Centre for Policy Studies

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For the academic unit within Central European University, see Center for Policy Studies.
Centre for Policy Studies
Abbreviation CPS
Formation 1974
Type Public policy think tank
Headquarters 57 Tufton Street
Location
President Lord Saatchi
Director Tim Knox
Founders Keith Joseph
Margaret Thatcher
Website www.cps.org.uk

The Centre for Policy Studies (CPS) is a free-market neoliberal British policy think tank whose goal is to promote coherent and practical public policy, to roll back the state, reform public services, support communities, and challenge threats to Britain’s independence.[1] Although identified as non-partisan, the Centre has strong historical links to the Conservative Party.

It was co-founded by Conservatives Sir Keith Joseph, Alfred Sherman and Margaret Thatcher[2] in 1974 to champion economic liberalism in Britain[1] and has since played a global role in the dissemination of free market economics along monetarist and, what today would be called, neoliberal lines. Its policy proposals are claimed to be based on the principles of individual choice and responsibility. They also assert that they prioritise the concepts of duty, family, liberty, and the rule of law. The CPS has a stated goal of serving as the champion of the small state.[1]

Influence[edit]

The CPS soon drove for a reassessment of Conservative economic policy during their period in opposition from 1974-1979. It was during this period that the CPS released its landmark reports, such as Stranded on the Middle Ground and Monetarism is Not Enough (1974 and 1976). "Monetarism is Not Enough" was described by Margaret Thatcher as “one of the very few speeches which have fundamentally affected a political generation's way of thinking.".[3] Keith Joseph’s keynote speeches, also published by the CPS, aimed to lead the way in changing the climate of opinion in Britain and set the intellectual foundations for the free market reforms of the 1980s. In 1981 Sherman brought the Swiss monetarist Jurg Niehans over to Britain to advise on economic management. Niehans wrote a report critical of the government's economic management that was crucial in influencing the change of policy in the 1981 budget; this tightened the government's fiscal stance to make possible a looser monetary policy.[4] However Hugh Thomas, who had been appointed Chairman of the CPS in 1979 was finding Sherman impossible to work with. In the summer of 1983, following a row over the relationship of the CPS with the Conservative Party, Sherman was summarily sacked from the CPS in a "virulent" letter from Thomas.[5]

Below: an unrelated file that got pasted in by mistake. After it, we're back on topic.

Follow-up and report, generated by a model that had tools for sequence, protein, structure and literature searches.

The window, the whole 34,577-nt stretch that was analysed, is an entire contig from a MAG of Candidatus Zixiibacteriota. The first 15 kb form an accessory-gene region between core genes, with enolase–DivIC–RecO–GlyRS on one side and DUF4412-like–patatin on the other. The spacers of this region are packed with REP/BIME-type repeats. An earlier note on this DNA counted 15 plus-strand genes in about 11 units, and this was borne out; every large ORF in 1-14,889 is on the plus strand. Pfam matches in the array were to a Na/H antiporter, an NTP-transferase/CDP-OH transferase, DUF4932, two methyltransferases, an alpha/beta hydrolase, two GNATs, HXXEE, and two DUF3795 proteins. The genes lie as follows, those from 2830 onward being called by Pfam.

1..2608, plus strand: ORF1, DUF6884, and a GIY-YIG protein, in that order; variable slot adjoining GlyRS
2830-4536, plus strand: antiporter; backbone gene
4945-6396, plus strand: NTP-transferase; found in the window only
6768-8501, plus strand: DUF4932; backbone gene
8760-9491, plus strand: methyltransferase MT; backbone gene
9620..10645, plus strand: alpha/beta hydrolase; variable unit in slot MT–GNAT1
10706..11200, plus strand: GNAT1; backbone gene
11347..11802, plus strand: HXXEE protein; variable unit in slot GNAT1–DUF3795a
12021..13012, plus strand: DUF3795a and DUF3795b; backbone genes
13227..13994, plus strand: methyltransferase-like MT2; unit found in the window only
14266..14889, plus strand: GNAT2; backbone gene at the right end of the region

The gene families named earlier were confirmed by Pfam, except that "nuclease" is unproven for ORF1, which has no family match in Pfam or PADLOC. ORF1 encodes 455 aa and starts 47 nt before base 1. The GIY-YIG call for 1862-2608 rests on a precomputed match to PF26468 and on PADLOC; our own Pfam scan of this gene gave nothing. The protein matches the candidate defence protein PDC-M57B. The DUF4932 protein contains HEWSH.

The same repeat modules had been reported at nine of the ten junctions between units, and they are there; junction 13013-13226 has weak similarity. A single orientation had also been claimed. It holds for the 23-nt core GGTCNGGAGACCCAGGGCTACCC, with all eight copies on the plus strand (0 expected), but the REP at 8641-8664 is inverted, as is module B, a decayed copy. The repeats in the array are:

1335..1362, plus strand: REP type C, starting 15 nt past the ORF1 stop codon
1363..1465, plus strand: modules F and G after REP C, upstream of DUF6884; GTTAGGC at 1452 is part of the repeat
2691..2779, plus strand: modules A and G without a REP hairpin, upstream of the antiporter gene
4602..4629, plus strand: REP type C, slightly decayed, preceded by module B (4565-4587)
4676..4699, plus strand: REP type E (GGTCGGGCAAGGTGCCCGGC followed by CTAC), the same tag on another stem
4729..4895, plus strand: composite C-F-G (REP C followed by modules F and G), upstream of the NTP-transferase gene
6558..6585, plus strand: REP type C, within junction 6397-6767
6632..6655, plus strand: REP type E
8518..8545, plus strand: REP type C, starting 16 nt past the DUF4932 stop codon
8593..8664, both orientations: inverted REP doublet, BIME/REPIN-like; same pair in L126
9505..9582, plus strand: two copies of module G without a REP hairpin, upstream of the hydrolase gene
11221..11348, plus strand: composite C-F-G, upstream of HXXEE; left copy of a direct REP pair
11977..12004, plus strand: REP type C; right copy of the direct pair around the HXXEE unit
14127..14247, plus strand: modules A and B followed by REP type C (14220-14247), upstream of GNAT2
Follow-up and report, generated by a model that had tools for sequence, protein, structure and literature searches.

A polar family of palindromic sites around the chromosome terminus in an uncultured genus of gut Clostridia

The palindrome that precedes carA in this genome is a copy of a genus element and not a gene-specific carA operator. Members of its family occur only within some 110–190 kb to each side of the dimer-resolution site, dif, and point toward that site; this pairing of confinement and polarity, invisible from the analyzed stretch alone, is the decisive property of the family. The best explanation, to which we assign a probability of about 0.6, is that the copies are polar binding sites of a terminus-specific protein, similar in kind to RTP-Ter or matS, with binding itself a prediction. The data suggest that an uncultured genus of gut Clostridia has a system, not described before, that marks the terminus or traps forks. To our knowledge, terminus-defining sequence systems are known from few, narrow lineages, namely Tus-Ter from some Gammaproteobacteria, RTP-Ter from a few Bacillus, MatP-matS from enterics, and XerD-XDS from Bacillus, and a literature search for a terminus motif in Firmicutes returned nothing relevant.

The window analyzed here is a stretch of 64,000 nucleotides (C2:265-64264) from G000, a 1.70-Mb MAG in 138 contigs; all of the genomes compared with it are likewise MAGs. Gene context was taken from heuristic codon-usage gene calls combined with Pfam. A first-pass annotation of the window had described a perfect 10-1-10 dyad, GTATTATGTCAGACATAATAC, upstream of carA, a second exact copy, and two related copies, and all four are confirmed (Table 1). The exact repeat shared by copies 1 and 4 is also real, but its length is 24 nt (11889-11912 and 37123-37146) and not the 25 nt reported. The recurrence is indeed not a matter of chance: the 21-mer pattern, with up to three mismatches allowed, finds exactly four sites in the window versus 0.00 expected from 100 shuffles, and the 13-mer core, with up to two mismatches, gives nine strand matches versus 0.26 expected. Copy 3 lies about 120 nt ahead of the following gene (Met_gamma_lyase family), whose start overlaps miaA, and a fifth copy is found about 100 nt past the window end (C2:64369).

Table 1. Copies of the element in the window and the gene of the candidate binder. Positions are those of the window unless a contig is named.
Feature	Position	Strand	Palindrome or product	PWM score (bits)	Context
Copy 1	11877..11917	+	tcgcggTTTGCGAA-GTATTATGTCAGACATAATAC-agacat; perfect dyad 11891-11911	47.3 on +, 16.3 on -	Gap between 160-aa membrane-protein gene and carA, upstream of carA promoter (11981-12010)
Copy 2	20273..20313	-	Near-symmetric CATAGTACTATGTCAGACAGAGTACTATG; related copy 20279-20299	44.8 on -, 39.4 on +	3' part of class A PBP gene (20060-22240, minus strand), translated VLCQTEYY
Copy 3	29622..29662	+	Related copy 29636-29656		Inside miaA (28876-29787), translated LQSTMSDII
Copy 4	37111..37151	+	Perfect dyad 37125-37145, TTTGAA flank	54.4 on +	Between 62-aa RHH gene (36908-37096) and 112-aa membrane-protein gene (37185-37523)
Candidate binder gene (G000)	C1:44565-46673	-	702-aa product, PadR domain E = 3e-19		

The CPS did not consciously represent itself as a partisan institute; ‘blame’ for the collectivist post-war consensus was placed on both sides of the political parties for operating within the same ideological framework. The CPS continually advocated a liberal economic approach and was hugely influential during Margaret Thatcher’s administration, operating as a key driving force towards her hallmark policies of privatisation, deregulation and monetarism[6]

In her own words, its job was to 'expose the follies and self-defeating consequences of government intervention....'to think the unthinkable'.[7] In 1982, it released Telecommunications in Britain, which urged the Government to embrace a fuller agenda of privatization in the telecoms sector. The paper recommended the privatization of British Telecom and the introduction of competition to the sector –both of which were implemented. Another key publication was The Performance of the Privatised Industries (1996) – a four volume statistical analysis which showed how the privatization agenda had benefitted the consumer by ushering in lower prices and higher quality service. It argued that the taxpayer had benefitted greatly from privatisation - not just from the initial windfall from receipts, but also from higher tax revenues than had ever been received from the same companies when they were in state ownership.

Recent history[edit]

In 2009, the CPS celebrated its 35th anniversary for which the Leader of the Opposition, David Cameron MP, gave a speech highlighting the role the CPS played in the Conservative Party’s victory in the 1979 election crediting them with ‘a great rebirth of intellectual ideas, of intellectual vigour, and of intellectual leadership’[8]